Hey there, time traveller!
This article was published 4/3/2011 (2006 days ago), so information in it may no longer be current.
LONDON, ONT. -- Jeff Stoughton got famous by doing two things -- representing Manitoba at the Brier and authoring curling's silliest human trick, the "spinarama."'
He hadn't even arrived here Friday for the 2011 Tim Hortons Brier when the media were already asking: "So will you? Will you?"
"I don't like doing it because it means we're probably getting our asses kicked," said Stoughton, who was featured in the movie Men With Brooms doing his 360-degree delivery. "But I've usually done it at the Brier and I probably will here again if I get the chance.
"I've done it once when we were leading a team, but I checked with them first to make sure it was OK. You still have to respect the other team, especially if you're blowing them out. So usually I save it for when we're being blown out."
In case you were wondering, Stoughton says he can successfully make a takeout better than 50 per cent of the time when using the spinarama delivery. Draws are much more dicey.
And he can only do it using an in-turn. "I've never ever tried it with an out-turn," he says.
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Alberta's Kevin Martin will carry a record-breaking 26-game winning streak into his opening game this evening against Northern Ontario's Brad Jacobs.
Just four teams in Brier history ever went undefeated through an entire Brier, and Martin's 2008 and 2009 Brier-winning teams are two of them.
Because Martin was busy winning Olympic gold in Vancouver last winter, his foursome didn't curl in last year's Brier. But they're back again this year with that unprecedented winning streak still intact and they are the consensus pick to win it all.
Martin, a four-time Brier winner, says he's had teams that might have been as talented as his current juggernaut -- third John Morris, second Marc Kennedy and lead Ben Hebert -- but never one that worked harder.
"I've been pretty lucky to have some good teams," he said. "But work-ethic-wise? I've never seen anything like it.
"Give you an example. On Tuesday, we had a four-hour practice -- two hours, lunch, two hours. We come off the ice and I'm sore. My knee hurts, my back's sore. And Johnny and those guys are all excited because they're headed off to the gym for another two-hour workout.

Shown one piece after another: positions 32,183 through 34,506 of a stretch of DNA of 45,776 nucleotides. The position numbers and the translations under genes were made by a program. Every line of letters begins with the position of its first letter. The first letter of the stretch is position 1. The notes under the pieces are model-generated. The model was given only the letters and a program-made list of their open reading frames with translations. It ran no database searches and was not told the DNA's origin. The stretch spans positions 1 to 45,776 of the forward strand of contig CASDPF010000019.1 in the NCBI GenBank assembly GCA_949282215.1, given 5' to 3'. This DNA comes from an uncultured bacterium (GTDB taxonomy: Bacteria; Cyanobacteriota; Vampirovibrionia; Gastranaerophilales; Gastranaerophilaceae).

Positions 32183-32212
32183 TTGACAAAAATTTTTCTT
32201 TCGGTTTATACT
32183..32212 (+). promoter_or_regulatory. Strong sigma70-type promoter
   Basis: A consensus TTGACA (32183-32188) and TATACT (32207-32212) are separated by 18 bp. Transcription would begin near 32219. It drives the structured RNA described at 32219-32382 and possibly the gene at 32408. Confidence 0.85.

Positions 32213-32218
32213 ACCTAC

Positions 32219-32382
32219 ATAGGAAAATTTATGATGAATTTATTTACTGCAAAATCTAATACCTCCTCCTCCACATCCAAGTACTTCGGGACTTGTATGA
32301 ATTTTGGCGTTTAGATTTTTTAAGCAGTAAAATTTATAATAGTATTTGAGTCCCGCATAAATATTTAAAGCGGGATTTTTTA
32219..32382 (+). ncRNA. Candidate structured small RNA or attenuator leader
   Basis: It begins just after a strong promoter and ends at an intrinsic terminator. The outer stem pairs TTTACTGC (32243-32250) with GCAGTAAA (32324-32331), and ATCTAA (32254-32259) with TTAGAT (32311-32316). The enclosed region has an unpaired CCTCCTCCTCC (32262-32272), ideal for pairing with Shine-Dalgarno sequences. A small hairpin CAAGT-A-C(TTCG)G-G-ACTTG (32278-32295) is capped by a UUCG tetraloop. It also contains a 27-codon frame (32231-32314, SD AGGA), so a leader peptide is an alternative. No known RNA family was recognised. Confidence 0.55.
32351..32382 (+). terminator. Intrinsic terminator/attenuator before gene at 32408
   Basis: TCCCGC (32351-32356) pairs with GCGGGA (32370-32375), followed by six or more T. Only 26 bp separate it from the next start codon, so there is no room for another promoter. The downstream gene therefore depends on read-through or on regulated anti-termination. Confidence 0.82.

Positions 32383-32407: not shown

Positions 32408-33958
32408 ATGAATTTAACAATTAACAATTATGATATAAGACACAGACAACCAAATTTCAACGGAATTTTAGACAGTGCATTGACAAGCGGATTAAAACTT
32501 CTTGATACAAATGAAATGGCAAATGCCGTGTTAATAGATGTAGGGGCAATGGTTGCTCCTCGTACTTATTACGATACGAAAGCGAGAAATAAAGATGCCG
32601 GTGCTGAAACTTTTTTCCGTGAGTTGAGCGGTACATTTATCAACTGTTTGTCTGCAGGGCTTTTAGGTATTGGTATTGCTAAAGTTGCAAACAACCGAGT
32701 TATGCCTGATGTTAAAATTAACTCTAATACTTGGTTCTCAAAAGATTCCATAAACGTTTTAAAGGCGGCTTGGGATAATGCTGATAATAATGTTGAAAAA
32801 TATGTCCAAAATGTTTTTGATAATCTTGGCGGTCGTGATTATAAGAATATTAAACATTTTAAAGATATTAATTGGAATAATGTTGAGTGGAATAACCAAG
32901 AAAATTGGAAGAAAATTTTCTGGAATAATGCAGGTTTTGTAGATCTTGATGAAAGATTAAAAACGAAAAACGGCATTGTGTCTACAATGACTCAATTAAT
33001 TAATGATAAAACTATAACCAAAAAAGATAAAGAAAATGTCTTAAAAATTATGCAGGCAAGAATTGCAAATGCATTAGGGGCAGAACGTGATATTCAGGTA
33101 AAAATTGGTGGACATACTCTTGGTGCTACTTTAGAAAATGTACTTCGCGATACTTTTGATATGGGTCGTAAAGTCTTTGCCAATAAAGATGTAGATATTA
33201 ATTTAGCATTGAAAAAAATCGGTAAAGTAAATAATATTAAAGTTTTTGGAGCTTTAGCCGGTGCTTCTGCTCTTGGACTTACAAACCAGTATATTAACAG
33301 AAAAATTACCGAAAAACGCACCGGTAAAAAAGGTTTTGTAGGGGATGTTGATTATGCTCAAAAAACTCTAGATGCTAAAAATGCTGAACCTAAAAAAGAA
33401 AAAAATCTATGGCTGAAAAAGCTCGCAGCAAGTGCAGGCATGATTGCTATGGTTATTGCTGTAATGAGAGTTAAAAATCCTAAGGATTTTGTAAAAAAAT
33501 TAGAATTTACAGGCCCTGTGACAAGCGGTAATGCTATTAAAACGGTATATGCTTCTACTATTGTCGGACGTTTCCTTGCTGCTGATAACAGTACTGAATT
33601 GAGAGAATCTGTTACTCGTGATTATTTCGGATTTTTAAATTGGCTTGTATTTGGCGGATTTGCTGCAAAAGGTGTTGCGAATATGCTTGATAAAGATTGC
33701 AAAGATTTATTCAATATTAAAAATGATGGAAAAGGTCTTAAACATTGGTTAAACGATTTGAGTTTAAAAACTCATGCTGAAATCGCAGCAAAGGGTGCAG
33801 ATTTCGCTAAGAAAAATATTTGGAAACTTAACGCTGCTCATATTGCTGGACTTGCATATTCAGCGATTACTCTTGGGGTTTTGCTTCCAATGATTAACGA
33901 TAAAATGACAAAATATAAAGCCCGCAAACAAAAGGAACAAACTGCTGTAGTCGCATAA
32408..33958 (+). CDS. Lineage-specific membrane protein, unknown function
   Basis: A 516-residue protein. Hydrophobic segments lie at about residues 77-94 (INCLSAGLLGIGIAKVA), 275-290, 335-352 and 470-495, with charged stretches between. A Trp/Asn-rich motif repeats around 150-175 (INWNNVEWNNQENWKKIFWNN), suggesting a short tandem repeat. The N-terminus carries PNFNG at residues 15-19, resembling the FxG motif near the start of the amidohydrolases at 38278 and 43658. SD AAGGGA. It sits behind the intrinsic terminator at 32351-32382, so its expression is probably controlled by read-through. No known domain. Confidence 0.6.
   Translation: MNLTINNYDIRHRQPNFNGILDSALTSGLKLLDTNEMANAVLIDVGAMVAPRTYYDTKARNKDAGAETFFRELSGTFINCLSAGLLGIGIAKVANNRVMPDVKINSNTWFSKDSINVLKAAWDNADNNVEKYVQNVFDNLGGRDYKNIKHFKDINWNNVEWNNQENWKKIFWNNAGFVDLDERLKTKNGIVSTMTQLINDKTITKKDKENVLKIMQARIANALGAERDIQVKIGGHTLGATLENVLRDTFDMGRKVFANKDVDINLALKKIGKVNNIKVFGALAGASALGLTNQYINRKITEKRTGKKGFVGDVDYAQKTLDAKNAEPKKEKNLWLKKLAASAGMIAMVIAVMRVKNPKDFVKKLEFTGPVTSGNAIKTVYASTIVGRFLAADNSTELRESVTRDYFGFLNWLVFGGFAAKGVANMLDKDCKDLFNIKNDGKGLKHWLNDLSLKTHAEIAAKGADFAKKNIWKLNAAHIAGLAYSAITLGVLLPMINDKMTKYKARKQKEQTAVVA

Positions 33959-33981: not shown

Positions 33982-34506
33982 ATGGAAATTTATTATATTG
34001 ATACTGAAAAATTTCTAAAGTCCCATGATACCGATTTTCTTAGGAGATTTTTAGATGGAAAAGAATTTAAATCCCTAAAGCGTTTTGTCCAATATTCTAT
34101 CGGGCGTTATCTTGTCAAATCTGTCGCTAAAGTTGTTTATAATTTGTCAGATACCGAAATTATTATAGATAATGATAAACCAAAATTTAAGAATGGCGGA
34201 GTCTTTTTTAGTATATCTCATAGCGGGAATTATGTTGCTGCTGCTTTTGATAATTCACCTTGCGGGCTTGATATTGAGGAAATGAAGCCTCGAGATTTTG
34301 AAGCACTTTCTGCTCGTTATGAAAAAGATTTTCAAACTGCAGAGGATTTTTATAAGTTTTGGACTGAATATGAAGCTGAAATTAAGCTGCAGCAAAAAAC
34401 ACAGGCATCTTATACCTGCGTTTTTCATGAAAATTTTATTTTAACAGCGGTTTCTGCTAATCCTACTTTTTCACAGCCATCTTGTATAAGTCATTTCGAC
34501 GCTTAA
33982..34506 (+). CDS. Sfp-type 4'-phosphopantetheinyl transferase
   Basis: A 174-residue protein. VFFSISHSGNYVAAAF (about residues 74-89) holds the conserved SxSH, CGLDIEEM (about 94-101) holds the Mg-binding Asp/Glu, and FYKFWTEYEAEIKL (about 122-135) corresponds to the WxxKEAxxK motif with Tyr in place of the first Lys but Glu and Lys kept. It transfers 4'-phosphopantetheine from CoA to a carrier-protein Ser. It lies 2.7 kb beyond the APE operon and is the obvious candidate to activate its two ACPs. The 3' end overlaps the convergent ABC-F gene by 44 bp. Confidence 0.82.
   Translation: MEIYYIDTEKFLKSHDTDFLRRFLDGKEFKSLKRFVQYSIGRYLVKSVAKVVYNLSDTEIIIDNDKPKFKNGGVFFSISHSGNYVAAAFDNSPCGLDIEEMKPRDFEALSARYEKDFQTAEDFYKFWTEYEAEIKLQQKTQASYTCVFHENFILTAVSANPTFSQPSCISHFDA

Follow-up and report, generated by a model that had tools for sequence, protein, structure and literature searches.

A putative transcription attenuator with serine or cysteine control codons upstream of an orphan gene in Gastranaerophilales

"That's the difference with this
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Martin served notice in the individual skills competition that he will again be a force to be reckoned with.
He and Ontario's Richard Hart shot a blistering 27 out of a possible 30 in the preliminary round to lead the way heading into the eight-player playoff round this morning that precedes the start of the Brier round robin this afternoon.
Also qualifying for today's skills competition was Quebec second Christian Bouchard, Newfoundland second Ryan Fry, Alberta third John Morris, Northern Ontario skip Brad Jacobs, Alberta second Marc Kennedy and B.C. third Ken Maskiewich. The top Manitoba point-getter was Reid Carruthers with 22, one point short of a qualifying spot.
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This year's Brier is being held in the John Labatt Centre, home of the Ontario Hockey League's London Knights. The building seats 9,090 for hockey and organizers have pre-sold 110,000 tickets for the Brier. That already puts this year's event ahead of the disappointing total crowd of 107,242 last year in Halifax.
This is the first time the Brier has been held in Eastern Canada in back-to-back years since it was held in Sault Ste. Marie and Hamilton in 1990 and 1991, respectively.